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Keeping it real: File checking for a network

Ruth Preston-Hoar, Quality Monitoring Supervisor for the Tavistock Financial network, provides insight into the quality monitoring role and how she manages a split team of in-house and self-employed staff working remotely around the country

Tavistock Financial, like any network, is responsible for the advice its Appointed Representatives (ARs) give and therefore operates systems and controls to monitor the advice being given by them and to minimise the risk of customer detriment.

One of these controls is file checks. My team of Quality Monitoring Officers (better known as file checkers) performs a number of functions:

• Checking advice files – both pre and post sale, depending on the type of business and the adviser’s ongoing file quality;

• Implementing our ‘licencing’ system, which assesses whether advisers have sufficient quality levels to move onto less frequent, post sale checks for certain, lower risk, types of business, and identifying advisers’ development needs, if appropriate, to get them to that point;

• For office based checkers, also answering file check related queries from advisers who ring or email in, and, where necessary, project work.

The role of a file checker is a challenging one, needing in depth technical knowledge and the ability to see the bigger picture of an advice file clearly and comprehensively, along with strong communication skills to feedback constructively and effectively to the adviser.

My role is to manage the team, their workload and the risks involved in quality monitoring, such as checker error, inconsistency between checkers, knowledge fade/not keeping technical knowledge up to date and not having enough or too many staff for business levels.

The team is made up of employed staff who work in the office and self-employed staff who work remotely from home, spread around the country.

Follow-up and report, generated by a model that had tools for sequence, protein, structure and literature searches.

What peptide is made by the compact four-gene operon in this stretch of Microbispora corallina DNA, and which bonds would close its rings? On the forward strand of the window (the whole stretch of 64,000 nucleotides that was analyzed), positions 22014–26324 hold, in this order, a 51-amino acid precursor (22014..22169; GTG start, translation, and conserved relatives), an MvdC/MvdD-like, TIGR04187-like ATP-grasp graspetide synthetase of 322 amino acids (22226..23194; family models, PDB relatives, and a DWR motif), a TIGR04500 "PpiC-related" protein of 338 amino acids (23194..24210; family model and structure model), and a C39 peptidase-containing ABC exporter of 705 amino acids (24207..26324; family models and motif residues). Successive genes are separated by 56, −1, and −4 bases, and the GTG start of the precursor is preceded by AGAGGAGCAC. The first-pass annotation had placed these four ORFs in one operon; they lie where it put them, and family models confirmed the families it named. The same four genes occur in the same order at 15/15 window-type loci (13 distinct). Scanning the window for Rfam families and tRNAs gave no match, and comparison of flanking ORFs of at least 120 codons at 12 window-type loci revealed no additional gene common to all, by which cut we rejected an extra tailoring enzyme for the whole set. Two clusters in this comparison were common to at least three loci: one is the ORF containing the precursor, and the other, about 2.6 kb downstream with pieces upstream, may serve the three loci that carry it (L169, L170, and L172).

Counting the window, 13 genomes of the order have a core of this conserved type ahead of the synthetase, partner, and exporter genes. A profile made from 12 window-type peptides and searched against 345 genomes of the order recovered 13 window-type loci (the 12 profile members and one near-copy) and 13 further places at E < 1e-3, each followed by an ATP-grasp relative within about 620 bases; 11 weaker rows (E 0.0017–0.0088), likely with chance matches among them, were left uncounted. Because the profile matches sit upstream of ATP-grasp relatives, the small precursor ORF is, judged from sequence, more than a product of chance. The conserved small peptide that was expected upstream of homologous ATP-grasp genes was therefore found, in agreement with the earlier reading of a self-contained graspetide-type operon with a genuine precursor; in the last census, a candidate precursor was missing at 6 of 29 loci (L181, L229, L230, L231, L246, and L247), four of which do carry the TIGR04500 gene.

This presents a number of challenges, not least of which is keeping everyone informed appropriately. Obviously the remote staff don’t see things or hear discussions which occur in the office so I need to always be considering whether something should be communicated to them and how to put it in context for them; but, equally, there are some things which they just don’t need to know about so it’s always a judgement call to be made.

I use email a lot, either to the whole team or to a specific individual(s) where appropriate.

Communication challenge

When I started in the role, establishing an effective communication channel that both gave me the right amount of access to remote workers without impinging on their understandable preference not be interrupted while in the middle of working on a file, due to the in depth nature of the task, was essential.

My aim is to have a two way communication channel, being approachable and available while providing information and support without breathing down the checkers’ necks – they are highly qualified and experienced and a good manager should be there in the background facilitating their staff to get on with the job in hand.

Another challenge of supervising self-employed, remote staff is knowing whether they are working – given that they have a level of flexibility built in to their working day.

Some of my remote team members work part time, to fit around caring for children for example, while others work full time. Generally they work to a pattern each week and we have a system that flags any ad hoc days they plan to not work (i.e. funeral, dentist, or a day off).

Balancing case loads and working staff is crucial. We have a white board which shows who works when and includes details of planned holidays and ad hoc days off. I admit it’s low tech but it works for us. The board is next to the office-based staff in my department so we can all see it and share the information on it.

A further challenge I have is work allocation when you can’t see some of the people to whom you are allocating work.